For GPCRs with relatively large N-terminal ectodomains, alternative splicing can generate truncated receptors lacking the N-terminal domain. Cleaving the N-terminal domain from the remaining TM domains generates a more specific dominant-negative effect due to the released N-terminal domain (Figure 2). Hence, soluble non-membrane anchored ‘receptors’ are seen for the corticotrophin-releasing factor receptor (CRF2) [90], metabotropic glutamate (mGlu6) receptor [91] and the relaxin receptor (RXFP1) [92]. These secreted proteins are proposed to act as biological modifiers of endogenous ligand-stimulated activity by mopping up endogenous ligand and preventing activation of the respective wild-type receptors.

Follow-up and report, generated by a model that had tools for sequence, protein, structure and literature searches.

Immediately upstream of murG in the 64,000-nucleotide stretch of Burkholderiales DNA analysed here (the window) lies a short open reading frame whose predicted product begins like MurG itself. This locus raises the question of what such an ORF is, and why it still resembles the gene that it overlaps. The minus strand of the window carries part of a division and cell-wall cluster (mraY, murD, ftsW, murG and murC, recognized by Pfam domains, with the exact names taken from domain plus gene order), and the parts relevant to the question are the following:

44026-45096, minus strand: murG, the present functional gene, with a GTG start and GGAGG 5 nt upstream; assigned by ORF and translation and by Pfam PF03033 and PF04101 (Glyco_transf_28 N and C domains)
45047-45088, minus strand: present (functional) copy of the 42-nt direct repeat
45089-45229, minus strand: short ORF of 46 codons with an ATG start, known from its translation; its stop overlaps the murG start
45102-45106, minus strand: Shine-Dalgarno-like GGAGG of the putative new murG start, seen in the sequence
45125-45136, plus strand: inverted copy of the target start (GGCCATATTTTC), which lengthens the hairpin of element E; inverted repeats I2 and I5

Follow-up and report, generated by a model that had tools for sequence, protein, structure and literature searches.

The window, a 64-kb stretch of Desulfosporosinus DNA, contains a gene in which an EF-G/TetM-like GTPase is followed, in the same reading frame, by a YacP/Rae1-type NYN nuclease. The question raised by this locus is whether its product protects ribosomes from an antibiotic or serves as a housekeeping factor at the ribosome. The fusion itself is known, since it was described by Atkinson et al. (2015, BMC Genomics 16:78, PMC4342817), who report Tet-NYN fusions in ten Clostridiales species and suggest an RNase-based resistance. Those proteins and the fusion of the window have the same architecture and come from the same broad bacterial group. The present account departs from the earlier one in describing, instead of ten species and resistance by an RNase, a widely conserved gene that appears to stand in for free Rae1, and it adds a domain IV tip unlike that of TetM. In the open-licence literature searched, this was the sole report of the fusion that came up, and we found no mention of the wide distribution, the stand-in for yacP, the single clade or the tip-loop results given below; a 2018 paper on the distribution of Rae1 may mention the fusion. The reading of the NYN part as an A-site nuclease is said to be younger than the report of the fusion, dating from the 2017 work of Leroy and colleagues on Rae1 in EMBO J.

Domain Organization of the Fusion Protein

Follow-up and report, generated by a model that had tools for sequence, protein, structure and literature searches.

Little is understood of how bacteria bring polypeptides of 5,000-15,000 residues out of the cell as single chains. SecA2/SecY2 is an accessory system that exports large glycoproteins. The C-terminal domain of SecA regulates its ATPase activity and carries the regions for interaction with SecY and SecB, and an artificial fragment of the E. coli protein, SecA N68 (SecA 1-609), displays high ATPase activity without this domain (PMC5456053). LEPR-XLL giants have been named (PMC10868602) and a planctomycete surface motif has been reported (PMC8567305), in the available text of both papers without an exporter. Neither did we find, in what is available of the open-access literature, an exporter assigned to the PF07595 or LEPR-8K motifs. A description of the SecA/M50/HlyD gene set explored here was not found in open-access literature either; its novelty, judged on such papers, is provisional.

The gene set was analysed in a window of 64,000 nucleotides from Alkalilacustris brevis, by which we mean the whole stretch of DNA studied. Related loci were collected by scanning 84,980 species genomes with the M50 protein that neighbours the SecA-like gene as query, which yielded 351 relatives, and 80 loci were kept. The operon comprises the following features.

Association of truncated GPCRs with pathophysiological conditions